The demon agreed I could have a second-someone had to drive me home afterward since I’m seldom in any condition to do it myself-and waived that right for itself. Apparently, demons do not play well with others. I stipulated what was to be done with my sword, if I lost. It would be delivered to Ivan, not Mira. It was bad enough that Axel visited the house. I didn’t want any of these other creatures anywhere near my family.

The demon never stopped its pacing, but its mood could be told by the lift of its tail, the tilt of its ears. It conceded to some things it didn’t really like and was inordinately cheerful when I agreed to a challenge date “under the full moon.” A happy demon worried me, but I couldn’t think of any good reason to veto it. Nighttime was the right time, after all, with fewer witnesses and fewer chances for accidental casualties. And the two weeks until the moon came around again would give me time to truly prepare.

I wasn’t sure if it was early or late by the time we’d set all the terms we could think of. My right hand and forearm were covered in elaborate demonic art, evidence of the bargain I’d so carefully crafted. The smell had long since faded out of my awareness, and the burns had passed into a dull throbbing ache. By morning, they’d be set, and I’d feel no more pain.

Kidd watched the entire proceeding in a kind of dumb silence, finally electing to have a seat near the truck’s front tire. Maybe he even dozed a bit.

The demon vanished like the Cheshire cat, its toothy white smile remaining long after the rest of it had rejoined the night. “Under the full moon… I will be seeing you, champion…” The insidious voice drew a shudder from me, despite my resolve not to let it rattle me.

Kidd startled when I nudged him with one knee. “C’mon. You missed curfew.”

The old ballplayer blinked up at me with bleary eyes. “What happens now?”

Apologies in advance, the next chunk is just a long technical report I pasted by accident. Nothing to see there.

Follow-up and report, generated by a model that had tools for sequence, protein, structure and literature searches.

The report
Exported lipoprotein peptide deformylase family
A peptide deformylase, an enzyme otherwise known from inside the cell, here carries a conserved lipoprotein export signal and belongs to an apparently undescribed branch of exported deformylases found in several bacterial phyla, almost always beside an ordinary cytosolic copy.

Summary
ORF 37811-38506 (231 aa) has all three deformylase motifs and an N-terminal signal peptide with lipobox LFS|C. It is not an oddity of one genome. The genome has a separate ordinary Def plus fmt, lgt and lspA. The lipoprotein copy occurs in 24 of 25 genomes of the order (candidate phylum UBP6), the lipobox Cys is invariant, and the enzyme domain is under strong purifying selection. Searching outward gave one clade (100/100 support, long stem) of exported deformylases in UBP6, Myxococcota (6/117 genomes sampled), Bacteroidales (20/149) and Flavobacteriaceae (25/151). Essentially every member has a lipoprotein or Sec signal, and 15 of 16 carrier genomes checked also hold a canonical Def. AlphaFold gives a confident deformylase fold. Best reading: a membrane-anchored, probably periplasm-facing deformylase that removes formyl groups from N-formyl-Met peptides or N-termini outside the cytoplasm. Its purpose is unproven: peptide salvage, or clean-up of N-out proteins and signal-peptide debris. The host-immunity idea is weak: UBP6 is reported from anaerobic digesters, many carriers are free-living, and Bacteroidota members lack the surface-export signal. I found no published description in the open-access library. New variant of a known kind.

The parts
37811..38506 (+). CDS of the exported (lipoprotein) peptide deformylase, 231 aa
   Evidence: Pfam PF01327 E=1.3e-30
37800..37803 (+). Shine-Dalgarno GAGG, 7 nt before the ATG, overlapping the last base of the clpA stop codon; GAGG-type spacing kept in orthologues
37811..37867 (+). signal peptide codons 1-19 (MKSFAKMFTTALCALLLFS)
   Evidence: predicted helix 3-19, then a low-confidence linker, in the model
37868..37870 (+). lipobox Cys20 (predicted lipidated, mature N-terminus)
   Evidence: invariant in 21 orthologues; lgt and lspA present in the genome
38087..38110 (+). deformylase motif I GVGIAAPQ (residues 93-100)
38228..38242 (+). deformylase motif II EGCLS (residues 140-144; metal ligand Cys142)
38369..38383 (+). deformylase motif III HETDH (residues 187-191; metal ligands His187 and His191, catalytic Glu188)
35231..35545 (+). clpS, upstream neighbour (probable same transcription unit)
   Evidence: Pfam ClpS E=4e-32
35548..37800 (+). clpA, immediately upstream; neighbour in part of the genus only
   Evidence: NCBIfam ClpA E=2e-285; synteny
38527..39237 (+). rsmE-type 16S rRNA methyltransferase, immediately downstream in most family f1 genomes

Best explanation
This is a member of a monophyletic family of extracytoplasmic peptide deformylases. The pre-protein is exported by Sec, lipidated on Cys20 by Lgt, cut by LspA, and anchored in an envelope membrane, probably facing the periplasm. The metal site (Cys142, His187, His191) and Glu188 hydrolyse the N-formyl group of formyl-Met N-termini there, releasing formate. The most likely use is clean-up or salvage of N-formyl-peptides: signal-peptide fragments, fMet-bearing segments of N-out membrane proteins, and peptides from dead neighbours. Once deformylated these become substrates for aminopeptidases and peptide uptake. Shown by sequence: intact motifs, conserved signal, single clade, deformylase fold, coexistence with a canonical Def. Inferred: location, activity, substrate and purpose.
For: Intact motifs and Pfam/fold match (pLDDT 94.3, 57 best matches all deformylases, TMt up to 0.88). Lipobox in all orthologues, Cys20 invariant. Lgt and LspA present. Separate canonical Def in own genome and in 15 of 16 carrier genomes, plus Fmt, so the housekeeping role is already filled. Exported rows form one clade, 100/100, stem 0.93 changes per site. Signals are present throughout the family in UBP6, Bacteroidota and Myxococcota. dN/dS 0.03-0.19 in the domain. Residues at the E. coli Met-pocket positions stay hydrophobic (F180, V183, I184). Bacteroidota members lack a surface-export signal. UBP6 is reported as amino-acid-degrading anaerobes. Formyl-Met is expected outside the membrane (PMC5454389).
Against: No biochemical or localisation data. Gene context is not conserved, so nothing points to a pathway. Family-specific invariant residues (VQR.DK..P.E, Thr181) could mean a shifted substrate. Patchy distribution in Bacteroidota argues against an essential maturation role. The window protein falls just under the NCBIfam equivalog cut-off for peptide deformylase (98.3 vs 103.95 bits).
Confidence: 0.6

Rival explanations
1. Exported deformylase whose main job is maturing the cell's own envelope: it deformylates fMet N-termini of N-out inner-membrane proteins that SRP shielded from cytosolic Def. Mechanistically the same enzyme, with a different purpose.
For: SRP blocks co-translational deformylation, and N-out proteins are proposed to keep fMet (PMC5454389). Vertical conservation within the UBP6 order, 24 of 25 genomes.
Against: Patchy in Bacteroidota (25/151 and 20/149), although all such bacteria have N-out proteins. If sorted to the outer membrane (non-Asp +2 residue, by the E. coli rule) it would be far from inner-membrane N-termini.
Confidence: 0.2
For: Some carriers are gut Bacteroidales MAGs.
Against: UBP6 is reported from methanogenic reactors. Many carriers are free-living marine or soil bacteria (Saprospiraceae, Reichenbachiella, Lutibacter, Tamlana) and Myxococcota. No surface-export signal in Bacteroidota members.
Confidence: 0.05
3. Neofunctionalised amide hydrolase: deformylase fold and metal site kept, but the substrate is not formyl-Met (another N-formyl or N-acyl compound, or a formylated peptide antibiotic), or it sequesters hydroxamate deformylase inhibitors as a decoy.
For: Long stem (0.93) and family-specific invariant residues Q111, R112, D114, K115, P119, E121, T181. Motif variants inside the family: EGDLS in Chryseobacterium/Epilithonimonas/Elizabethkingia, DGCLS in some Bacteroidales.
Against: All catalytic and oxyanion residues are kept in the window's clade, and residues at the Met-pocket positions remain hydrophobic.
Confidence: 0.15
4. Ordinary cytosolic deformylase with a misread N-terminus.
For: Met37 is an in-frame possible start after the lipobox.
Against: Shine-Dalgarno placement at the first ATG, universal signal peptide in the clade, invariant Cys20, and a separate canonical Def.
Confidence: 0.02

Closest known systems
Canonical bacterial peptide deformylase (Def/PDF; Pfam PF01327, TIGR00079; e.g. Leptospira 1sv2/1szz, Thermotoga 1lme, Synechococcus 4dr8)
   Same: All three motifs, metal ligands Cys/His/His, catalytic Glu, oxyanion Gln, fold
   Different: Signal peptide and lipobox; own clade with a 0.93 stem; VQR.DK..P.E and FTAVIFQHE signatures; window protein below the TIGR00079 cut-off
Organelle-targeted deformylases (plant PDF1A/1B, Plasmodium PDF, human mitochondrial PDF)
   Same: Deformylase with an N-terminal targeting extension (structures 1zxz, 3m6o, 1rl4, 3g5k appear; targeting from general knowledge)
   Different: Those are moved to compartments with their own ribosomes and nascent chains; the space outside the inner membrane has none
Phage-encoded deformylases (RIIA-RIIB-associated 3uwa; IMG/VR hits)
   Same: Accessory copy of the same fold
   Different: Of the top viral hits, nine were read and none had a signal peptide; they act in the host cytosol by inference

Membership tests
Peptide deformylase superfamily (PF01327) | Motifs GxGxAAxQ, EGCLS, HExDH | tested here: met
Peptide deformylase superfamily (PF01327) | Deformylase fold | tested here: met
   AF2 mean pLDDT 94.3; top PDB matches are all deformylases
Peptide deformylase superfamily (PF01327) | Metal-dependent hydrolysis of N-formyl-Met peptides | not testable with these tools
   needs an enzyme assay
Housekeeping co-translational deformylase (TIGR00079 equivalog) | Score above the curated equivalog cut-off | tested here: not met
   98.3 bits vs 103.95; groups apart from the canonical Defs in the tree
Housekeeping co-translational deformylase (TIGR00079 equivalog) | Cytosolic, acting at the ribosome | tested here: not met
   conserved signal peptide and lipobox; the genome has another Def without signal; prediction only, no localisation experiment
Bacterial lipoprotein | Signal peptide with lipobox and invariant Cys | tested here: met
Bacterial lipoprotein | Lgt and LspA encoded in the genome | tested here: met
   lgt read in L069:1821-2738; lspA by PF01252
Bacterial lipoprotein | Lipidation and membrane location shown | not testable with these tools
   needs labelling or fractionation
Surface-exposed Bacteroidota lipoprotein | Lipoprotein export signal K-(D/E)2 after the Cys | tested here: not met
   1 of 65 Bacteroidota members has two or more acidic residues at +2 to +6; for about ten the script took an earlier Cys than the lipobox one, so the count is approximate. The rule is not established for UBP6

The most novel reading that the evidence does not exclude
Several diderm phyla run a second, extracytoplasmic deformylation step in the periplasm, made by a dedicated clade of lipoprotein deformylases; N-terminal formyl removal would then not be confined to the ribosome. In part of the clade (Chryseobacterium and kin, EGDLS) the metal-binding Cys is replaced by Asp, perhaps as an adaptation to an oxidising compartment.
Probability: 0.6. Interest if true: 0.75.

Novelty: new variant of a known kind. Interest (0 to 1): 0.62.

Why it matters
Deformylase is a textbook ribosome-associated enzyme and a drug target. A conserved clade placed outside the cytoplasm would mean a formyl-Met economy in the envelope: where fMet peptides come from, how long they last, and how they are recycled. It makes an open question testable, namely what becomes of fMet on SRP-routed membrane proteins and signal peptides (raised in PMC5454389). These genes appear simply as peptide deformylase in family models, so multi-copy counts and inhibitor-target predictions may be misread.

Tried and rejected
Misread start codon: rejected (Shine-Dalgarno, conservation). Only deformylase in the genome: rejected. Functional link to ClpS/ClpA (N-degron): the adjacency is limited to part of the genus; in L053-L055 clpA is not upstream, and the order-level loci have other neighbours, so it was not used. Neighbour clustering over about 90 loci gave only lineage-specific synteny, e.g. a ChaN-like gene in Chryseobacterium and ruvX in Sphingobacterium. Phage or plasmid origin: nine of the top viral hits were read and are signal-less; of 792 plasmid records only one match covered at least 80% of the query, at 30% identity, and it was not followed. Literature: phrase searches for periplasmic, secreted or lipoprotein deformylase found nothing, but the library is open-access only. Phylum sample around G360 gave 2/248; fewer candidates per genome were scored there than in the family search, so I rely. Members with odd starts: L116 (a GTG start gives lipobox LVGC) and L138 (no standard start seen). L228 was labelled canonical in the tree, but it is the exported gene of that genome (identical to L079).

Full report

“Now you go play your ball games, Mr. Kidd.” I hauled him to his feet with one hand. “Go live your life for the next two weeks. Hug your wife, call your daughter, and tell her you love her. Then, come back.”

Either that answer satisfied him or he wasn’t fully awake for most of the trip back to the hotel. He didn’t say a lot until we pulled into the parking lot.

“I’m not the only one, right?” “Hm?” The lights in the lot cast blue- gray shadows over everything, giving Kidd a cadaverous appearance, deep shadows hollowing out his cheeks, ringing his eyes. I’m sure I looked just as bad. It wasn’t flattering lighting.

He stared at his hands in his lap. “I mean, that… thing… It has other souls, right? Other people?”

“Probably.”

“So… what happens to them, once you beat it?”

Not many people ask. They usually didn’t see beyond their own fate. It made me think better of him. “Well… nothing. Unless they find a champion and ask for help, they’ll just go on with that thing owning their soul. If they do decide to get out of it, the next champion that comes along will have an easier time of it, with the demon being weakened.”

That was, of course, a theoretical assumption. Since we’d started keeping track, none of us had fought the same demon twice. None of us had even fought a demon that someone else had encountered. It seemed their population was legion. That was a little depressing, if you stopped to think about it.

“I wish we could help them, too,” Kidd murmured, echoing my own thoughts.

I’d often wished for a way to get a roster of all the souls a demon held. Ivan insisted that, if a person was interested in saving himself, he’d find a way. But I’d always wondered-what if people just didn’t know they still had a choice? Maybe, if we could contact those people after a demon’s defeat, they’d be more willing to seek redemption, knowing the fight would be easier. Maybe they wouldn’t care at all. I was continually surprised by the foibles of human nature.